Jerusalem: Israel and Bahrain cemented their year-old agreement to establish diplomatic ties on Thursday, with the king of the small Gulf Arab state hosting Israel’s foreign minister who for the first time opened an embassy in the capital of Manama.
Israeli Foreign Minister Yair Lapid met with King Hamad bin Isa Al Khalifa on the same day as the first direct flight from Manama touched down in Tel Aviv. The top Israeli diplomat later called the visit warm and optimistic.
Bahrain’s carrier Gulf Air was met at Ben Gurion International Airport with a water salute and a ribbon-cutting ceremony.
The festivities reinforced the accord between Israel and the island nation, one of four Arab states that signed onto the U.S.-brokered Abraham Accords. Lapid has already visited the United Arab Emirates and Morocco and opened Israel’s diplomatic offices in those two countries since he became foreign minister in June.
During his meeting with Lapid, King Hamad hailed the normalisation agreement as a historical achievement on the road to just and lasting peace in the Middle East, state-run Bahrain News Agency reported.
The launch of the first flight brings new and exciting opportunities between our countries and allows our peoples to finally meet and build connections that will create a brighter future, said Undersecretary of Bahrain Civil Aviation Affair, Mohammed Thamir Al Kaabi.
The Israeli diplomatic delegation and its Bahraini counterparts were to sign a raft of agreements to further cement bilateral ties, including economic deals and cooperation between hospitals and water companies. The two countries had long enjoyed clandestine security ties over a shared distrust of regional rival Iran, but only last year took the relationship public.
We see Bahrain as an important partner, both in the bilateral level but also as a bridge to cooperation with other countries in the region, said Lior Haiat, spokesman for the Foreign Ministry.
Lapid said in a statement that the Israeli delegation and Bahraini officials “talked about the cooperation between our countries and about taking the official peace between us and turning it into an active, economic, security, political and civic friendship.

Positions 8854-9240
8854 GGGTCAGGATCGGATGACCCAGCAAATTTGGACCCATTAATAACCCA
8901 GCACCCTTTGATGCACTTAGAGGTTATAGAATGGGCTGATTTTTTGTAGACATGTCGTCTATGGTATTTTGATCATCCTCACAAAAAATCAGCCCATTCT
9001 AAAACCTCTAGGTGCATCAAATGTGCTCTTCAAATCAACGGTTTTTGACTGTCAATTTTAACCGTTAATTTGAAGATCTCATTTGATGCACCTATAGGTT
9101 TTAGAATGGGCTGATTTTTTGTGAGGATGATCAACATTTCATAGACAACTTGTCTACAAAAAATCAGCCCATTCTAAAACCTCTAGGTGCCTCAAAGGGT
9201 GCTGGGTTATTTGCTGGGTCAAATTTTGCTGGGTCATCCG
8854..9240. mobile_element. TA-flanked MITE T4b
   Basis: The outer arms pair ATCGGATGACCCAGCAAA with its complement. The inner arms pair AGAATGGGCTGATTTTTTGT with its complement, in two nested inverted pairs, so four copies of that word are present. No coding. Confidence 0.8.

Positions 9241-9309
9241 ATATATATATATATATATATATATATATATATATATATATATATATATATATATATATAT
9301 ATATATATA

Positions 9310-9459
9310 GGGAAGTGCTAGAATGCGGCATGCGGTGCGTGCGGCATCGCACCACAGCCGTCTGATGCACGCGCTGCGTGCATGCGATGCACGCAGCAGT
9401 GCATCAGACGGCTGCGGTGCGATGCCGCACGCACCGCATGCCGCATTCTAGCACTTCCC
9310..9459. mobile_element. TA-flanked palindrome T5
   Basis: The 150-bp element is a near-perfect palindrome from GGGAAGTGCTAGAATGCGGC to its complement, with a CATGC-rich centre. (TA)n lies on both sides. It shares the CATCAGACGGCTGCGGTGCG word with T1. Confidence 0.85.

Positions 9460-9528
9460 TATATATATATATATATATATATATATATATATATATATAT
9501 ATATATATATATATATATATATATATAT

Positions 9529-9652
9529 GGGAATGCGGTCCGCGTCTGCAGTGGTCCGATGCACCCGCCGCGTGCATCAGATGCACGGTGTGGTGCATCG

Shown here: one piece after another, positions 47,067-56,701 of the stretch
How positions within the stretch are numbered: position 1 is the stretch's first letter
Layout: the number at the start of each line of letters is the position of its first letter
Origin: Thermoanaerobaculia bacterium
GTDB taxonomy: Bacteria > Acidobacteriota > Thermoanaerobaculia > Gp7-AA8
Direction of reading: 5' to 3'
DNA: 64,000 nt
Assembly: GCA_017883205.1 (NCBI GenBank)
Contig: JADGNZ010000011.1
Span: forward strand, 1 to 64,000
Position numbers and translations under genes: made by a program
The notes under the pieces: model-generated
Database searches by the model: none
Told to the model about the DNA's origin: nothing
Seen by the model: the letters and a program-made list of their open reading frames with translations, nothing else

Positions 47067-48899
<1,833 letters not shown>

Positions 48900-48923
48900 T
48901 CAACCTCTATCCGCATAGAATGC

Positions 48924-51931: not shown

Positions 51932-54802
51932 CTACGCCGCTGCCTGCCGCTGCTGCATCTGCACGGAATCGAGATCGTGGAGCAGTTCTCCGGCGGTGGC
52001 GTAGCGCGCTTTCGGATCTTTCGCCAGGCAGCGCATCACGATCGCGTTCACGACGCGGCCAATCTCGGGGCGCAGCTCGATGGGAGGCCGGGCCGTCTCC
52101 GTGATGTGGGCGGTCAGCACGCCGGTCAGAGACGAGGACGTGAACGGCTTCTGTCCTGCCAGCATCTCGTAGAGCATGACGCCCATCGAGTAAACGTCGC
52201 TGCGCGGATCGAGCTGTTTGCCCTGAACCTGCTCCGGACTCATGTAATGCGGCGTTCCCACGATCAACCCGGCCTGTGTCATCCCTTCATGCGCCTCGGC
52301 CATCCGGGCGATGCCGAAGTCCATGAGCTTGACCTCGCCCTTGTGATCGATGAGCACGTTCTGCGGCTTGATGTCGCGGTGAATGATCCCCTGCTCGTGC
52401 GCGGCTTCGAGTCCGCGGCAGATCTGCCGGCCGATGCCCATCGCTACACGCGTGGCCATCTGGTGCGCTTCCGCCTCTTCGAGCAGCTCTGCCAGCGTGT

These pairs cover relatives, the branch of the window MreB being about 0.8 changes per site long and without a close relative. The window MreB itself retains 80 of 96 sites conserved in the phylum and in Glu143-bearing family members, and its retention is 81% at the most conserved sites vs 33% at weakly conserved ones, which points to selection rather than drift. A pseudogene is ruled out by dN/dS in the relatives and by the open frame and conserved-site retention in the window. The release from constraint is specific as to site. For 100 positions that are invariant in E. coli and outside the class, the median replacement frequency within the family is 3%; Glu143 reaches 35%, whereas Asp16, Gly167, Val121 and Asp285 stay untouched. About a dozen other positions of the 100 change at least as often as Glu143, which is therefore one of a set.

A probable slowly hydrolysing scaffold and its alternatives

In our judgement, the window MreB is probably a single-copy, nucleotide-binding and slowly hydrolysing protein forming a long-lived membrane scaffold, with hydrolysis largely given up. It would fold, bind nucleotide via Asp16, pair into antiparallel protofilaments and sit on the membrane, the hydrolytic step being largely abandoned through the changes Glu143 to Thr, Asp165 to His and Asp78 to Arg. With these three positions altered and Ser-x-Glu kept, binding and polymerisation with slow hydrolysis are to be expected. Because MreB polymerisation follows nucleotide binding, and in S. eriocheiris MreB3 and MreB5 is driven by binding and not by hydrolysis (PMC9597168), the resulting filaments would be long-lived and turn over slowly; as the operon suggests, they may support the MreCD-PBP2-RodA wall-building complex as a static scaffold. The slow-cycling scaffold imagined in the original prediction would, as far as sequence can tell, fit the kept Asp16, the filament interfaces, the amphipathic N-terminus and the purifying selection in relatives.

Bahrain’s first ambassador to Israel arrived earlier this month and presented his credentials to Israel’s figurehead president on the anniversary of the signing of the accords.
The deals to establish relations with Bahrain, Sudan, Morocco and the UAE were the first peace accords between Israel and Arab states in decades, after peace treaties with Egypt in 1979 and Jordan in 1995.
The deals enraged the Palestinians, who felt a betrayal of their national cause. They saw it as an abandonment of a longstanding commitment in the Arab world not to normalize relations with Israel until there was progress in resolving the decades-long conflict with the Palestinians.
Normalization with Israel remains a contentious issue for Bahrain’s Shiite majority, which long has accused the country’s Sunni Muslim rulers of treating them like second-class citizens. While opposition voices have largely been silenced in the country, Bahraini activists on Thursday shared footage purporting to show small-scale protests in Manama, where at least one demonstrator could be seen burning an Israeli flag.
The banned Shiite opposition group al-Wefaq condemned Lapid’s visit in a statement and urged Bahrainis to express their opposition. The kingdom, the strategically located home port for the U.S. Navy’s 5th Fleet, has long blamed Iran for stoking dissent on the island a charge that Tehran denies.
The Israeli delegation arrived earlier this week and joined Bahrain’s tiny Jewish community in marking the Jewish holiday of Simchat Torah. Haiat said it was the first time in over 75 years that the community could mark the holiday in its synagogue.
The fact that we could celebrate it yesterday was a very joyful event for us and for the community as well, he said.